In the auto transport industry, there’s been a lot of development and research in the transport industry about ELD.
ELD stands for Electronic Logging Device.
Take a look at more history insights about the ELD last years:
This means serious preparation as independent owner-operators is likely to gravitate to a baseline compliance device. They can benefit from additional functions such as IFTA data collection, making mileage tracking automatic and easily reportable.
The exceptions to ELD requirements will be the following:
- Old model trucks (from 1999)
- Drivers in drive-away businesses
- Drivers operating under the timecard exception rule – short-haul 100 – 150 miles specifically.
- Drivers who keep logbook but work less than 8 days in 30 days
The core basics of the display of an ELD are:
- Driver First Name and Last Name
- ELD Username
- ELD Malfunction Status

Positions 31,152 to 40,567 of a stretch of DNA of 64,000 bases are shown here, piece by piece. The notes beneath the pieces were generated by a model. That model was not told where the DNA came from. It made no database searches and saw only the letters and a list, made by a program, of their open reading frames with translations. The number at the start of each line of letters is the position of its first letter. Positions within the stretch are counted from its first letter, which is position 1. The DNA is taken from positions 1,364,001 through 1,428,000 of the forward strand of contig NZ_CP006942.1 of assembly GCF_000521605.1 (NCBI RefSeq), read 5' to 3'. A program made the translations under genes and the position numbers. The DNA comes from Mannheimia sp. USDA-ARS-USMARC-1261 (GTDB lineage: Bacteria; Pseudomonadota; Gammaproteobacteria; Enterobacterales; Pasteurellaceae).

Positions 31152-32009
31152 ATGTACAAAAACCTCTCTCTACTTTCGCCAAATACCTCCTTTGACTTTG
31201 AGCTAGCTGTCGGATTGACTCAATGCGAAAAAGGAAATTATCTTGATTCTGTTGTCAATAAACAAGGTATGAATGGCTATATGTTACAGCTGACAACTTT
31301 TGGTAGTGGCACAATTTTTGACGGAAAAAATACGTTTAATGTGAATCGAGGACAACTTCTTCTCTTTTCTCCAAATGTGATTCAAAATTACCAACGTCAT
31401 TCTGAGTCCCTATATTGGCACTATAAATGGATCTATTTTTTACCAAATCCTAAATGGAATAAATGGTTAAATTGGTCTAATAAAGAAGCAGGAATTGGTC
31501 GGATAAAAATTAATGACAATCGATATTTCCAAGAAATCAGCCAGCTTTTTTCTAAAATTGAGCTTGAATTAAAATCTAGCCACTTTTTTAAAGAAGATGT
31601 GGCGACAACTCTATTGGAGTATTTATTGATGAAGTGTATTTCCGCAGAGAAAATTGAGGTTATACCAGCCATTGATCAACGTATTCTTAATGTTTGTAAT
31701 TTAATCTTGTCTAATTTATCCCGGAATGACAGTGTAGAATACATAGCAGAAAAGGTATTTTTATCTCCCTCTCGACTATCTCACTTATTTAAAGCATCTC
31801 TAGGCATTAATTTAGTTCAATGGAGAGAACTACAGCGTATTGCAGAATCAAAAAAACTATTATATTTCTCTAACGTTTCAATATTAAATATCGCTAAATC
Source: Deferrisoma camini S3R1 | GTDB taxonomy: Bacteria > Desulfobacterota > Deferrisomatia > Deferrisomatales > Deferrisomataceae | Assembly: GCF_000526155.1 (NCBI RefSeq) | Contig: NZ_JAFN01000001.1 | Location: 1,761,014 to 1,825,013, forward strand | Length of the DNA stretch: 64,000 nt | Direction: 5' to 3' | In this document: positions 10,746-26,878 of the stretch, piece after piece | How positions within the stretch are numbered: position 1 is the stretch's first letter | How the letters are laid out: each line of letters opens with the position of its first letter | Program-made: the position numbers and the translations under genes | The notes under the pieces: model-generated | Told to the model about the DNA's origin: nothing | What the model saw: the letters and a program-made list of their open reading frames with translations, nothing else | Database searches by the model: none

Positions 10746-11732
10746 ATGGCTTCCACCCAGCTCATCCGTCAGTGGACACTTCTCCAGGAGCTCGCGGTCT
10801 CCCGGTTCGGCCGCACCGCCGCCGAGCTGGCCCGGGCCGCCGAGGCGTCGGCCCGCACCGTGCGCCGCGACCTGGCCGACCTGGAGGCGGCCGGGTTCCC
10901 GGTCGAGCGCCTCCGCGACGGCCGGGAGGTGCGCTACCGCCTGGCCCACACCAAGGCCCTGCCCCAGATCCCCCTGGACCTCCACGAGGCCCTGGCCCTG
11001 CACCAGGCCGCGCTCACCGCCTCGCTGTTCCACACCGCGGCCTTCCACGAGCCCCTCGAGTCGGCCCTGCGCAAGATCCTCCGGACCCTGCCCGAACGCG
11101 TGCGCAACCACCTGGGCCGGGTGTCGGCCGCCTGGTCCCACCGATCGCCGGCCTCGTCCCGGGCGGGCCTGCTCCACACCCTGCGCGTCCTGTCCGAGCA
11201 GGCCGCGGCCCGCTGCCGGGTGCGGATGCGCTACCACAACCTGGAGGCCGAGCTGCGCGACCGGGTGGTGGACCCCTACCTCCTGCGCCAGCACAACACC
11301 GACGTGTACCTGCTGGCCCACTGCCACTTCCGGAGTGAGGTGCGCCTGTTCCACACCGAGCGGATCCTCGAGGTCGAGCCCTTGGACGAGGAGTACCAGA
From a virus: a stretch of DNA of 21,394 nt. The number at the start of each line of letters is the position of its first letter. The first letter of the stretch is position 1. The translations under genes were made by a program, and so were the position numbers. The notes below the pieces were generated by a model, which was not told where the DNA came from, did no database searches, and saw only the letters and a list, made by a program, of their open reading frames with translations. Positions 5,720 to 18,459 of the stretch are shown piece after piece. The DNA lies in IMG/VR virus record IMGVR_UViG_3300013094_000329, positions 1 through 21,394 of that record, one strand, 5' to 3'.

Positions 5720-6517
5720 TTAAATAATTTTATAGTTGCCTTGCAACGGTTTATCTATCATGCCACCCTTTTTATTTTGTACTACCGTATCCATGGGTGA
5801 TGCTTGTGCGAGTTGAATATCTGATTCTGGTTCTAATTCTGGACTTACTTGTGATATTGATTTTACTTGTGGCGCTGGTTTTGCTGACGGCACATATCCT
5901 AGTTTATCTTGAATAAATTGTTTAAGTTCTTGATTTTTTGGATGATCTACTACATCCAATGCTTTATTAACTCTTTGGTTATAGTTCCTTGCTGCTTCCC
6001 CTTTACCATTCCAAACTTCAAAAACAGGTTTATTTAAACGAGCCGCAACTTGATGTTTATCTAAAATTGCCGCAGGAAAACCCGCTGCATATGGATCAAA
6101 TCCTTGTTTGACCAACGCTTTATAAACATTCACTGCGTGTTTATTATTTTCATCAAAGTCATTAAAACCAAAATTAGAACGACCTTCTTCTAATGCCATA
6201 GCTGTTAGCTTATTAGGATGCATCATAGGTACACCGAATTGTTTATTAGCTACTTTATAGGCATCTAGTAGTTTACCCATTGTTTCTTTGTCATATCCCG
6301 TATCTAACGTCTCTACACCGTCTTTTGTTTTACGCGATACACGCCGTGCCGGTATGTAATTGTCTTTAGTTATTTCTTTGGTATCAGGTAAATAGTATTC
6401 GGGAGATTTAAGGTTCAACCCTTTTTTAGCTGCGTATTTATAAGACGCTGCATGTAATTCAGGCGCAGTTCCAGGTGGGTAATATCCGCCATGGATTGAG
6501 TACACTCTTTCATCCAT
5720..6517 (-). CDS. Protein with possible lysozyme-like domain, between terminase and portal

- Total Engine Hours
- Miles for each driving period
- Data Diagnostic Status for the authenticated driver
The specific data recorded is:
- Date & Time
- Engine Hours & Vehicle Mileage
- Speed & Distance
- Driver Login
- Vehicle Identification & Authorized Carrier Identification
All events are recorded:
- At start & finish
- When changing the duty status
- Once per hour why vehicle is operating
- At the start & end of personal use or yard time
On FMCSA if you search for more information you’ll clearly see this the Phase 3 – full compliance phase with the punch line that after December 16, 2019, all drivers and carriers subject to the rule must use certified, registered ELDs that comply with requirements of the ELD regulations. So after that FMCSA advice is to take advantage of their specific training like classrooms, webinars.
So far for general info of ELD – that’s it. We are always keeping an eye behind the curtains to see where the industry goes so we are going to keep everyone updated with our research.
As always happy car hauling and until next time.